We read about Tegui, got a booking and about a week later, the The World’s 50 Best Restaurants awards were announced, and named them number 49 in the world. So I guess it was good timing having reserved before this. Already it was lauded as the best restaurant in Argentina, and the chef German Martiteguiso has put contemporary Argentinian dining on the food map. I was super excited to check it out, and wasn’t disappointed. However, I’m having to use Tegui’s own photos as they have quite clearly written on the menu that they frown upon photos being taken during the meal. SIGH. WHAT IF YOU ARE A FOOD BLOGGER. I didn’t want to risk being a dick so you are unfortunately going to have to use your imagination and also look at these photos I grabbed from their Facebook page. I did get a sneaky photo of the menu so I can tell you we ate: Beetroot & Plums, Smoked Oyster, Nandu, Mushroom & Sweetbreads, Red Mullet, Beef Cheek, Quince and Carob dessert. There were also about 5 other little bits thrown in. Would definitely recommend Tegui for a special occasion, initially I thought the courses were coming out too fast for a degustation (I love slow dining) but we were there for 3.5hours so it couldn’t have been that rushed, I think it was just a lot of food!
Hands down one of the most memorable nights of the trip. Buenos Aires has a history of “closed door” restaurants, meaning people can essentially organise pop up dining in their own homes, and invite strangers over to eat it. This was what I was most looking forward to and it didn’t disappoint! We arrived at Casa Felix a bit late (we had gone to the football earlier that evening) and everyone was enjoying a cocktail in the courtyard. We discovered pretty quickly that there were a lot of English speakers and met some fabulous people from all over the world. From the ease of making a reservation, to greeting us at the door, providing beautiful wine matched pairing to the incredible five course meal, chef Diego Felix and his wife Sanra were so kind and friendly and incredibly talented. The food was so so good.
I wish New Zealand had more relaxed council laws about stuff like this because I could see this as a really popular thing here. I would love to do it! Anyway, we ate and drank the evening away and I left with new friends. A perfect evening.
Located in the heart of San Telmo, this was the best Italian I ate on the trip. BA has a huge Italian population and the pasta and risotto dishes served here were delicious, authentic and generous. I had the below, a squid ink tortellini stuffed with potato and prawn in a lemon sauce. We ate early (8pm) as we were going around the corner to Tango later on. It was perfect and warmed our bellies on a particularly chilly evening.
This probably sounds quite touristy and if it wasn’t for a local’s recommendation, we probably wouldn’t have even thought of it, but the Evita Museum has a wonderful garden area perfect for an afternoon brunch. (And set up with heaters and blankets if it’s a colder day) I had seafood pasta which was lovely, and made friends with a little girl at the table next to us whose father was telling her English phrases to repeat to me. ARGH SO CUTE. Plus, even though it got pretty busy, it seemed to be mostly locals. Score.
These markets are located about 45 minutes South East of Palermo so we weren’t sure if we would have time to visit, especially since they only run on Sundays. We ended up going on our last day in BA and if we have one regret, it’s that we didn’t find this place earlier on. It was truly, the coolest Argentine gaucho experience and was a wonderful food market. I will go into details about the other parts of the market in a later post, but for now – the food! They had an entire market section set up for food, cheese, sausage, dulce de leche, chimichurri, churros, the list goes on. And then near the back of the market we found the parrilla (actually you can always smell the parrilla before you see it) where we ate one of many Choropan (bbq’d sausage on bread with chimichurri) and a delicious grilled lamb sandwich which I forget the name of.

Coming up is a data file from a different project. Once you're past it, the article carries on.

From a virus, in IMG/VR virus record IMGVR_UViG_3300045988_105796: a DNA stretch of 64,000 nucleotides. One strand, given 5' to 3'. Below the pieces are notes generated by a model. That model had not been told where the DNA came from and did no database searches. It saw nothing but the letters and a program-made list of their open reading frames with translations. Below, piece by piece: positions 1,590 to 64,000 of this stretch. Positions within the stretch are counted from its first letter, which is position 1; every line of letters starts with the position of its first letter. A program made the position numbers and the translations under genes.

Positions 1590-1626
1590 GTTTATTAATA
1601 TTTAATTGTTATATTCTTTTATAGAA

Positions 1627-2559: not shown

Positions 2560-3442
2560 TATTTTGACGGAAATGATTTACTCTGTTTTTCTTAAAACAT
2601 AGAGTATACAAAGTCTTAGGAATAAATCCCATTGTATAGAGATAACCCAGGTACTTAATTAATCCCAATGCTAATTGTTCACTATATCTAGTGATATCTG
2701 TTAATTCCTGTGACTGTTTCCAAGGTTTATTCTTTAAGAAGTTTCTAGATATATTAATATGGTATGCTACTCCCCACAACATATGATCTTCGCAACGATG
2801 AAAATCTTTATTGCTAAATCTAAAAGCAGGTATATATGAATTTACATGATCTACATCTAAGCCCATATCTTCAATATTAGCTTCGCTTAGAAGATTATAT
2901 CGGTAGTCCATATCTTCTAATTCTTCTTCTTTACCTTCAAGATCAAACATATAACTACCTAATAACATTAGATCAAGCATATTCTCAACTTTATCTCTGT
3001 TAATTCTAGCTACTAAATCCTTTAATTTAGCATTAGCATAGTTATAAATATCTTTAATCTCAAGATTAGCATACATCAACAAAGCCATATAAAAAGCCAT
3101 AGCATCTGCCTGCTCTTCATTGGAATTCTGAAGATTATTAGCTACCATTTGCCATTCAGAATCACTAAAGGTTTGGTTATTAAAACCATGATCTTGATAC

We also found this stall full of ladies in white bonnets handmaking empanadas and tamales and I have to say street food wise, this was my favourite meal of the trip. Make sure this is a stop on your trip, such an amazing place.
San Telmo Markets
Although not as food heavy as the Feria de Mataderos, San Telmo had plenty of Dulce de Leche samplings, crepes and this great outdoor space to listen to live music and dig into choropan, which we happily did.
Pizza Pizza Pizza!
Everywhere in Buenos Aires
Lots of different places to grab a slice or entire pie. We ended up ducking into Pizzeria Kentucky for early first dinner snacks on one or more occasion. The pies are quite thick crusted and the toppings pretty basic (except for one with bechamel which I couldn’t really get into) but for $3/slice and a beer it was an easy choice while deciding where we wanted to eat second dinner.
La Cabrera is also famous for it’s parrilla. So much so that the people ahead of us in the queue to get in said they had booked two months in advance. So our day before booking was either lucky or they are far too organised. This restaurant wins the award for most free stuff given before a meal. Look. Ridiculous.
Also delicious. I ordered a skirt steak here and it was the tastiest and most tender experience with this cut I’ve had. Skirt steak does not photograph well though. We dined outside and watched the world of Palermo locals walk by. It was wonderful. And we got lollies for dessert.
All the food stalls
Bosques De Palermo
Almost everywhere that there was a large public space also had food stalls/trucks set up. Most serving some type of parrilla, and with cabinets full of sauces, toppings and you guessed it – chimichurri.
Have you visited Argentina? Let me know where to eat in Buenos Aires!
… And stay tuned for my next blog post which features The Best Places to Drink in Buenos Aires. Olé!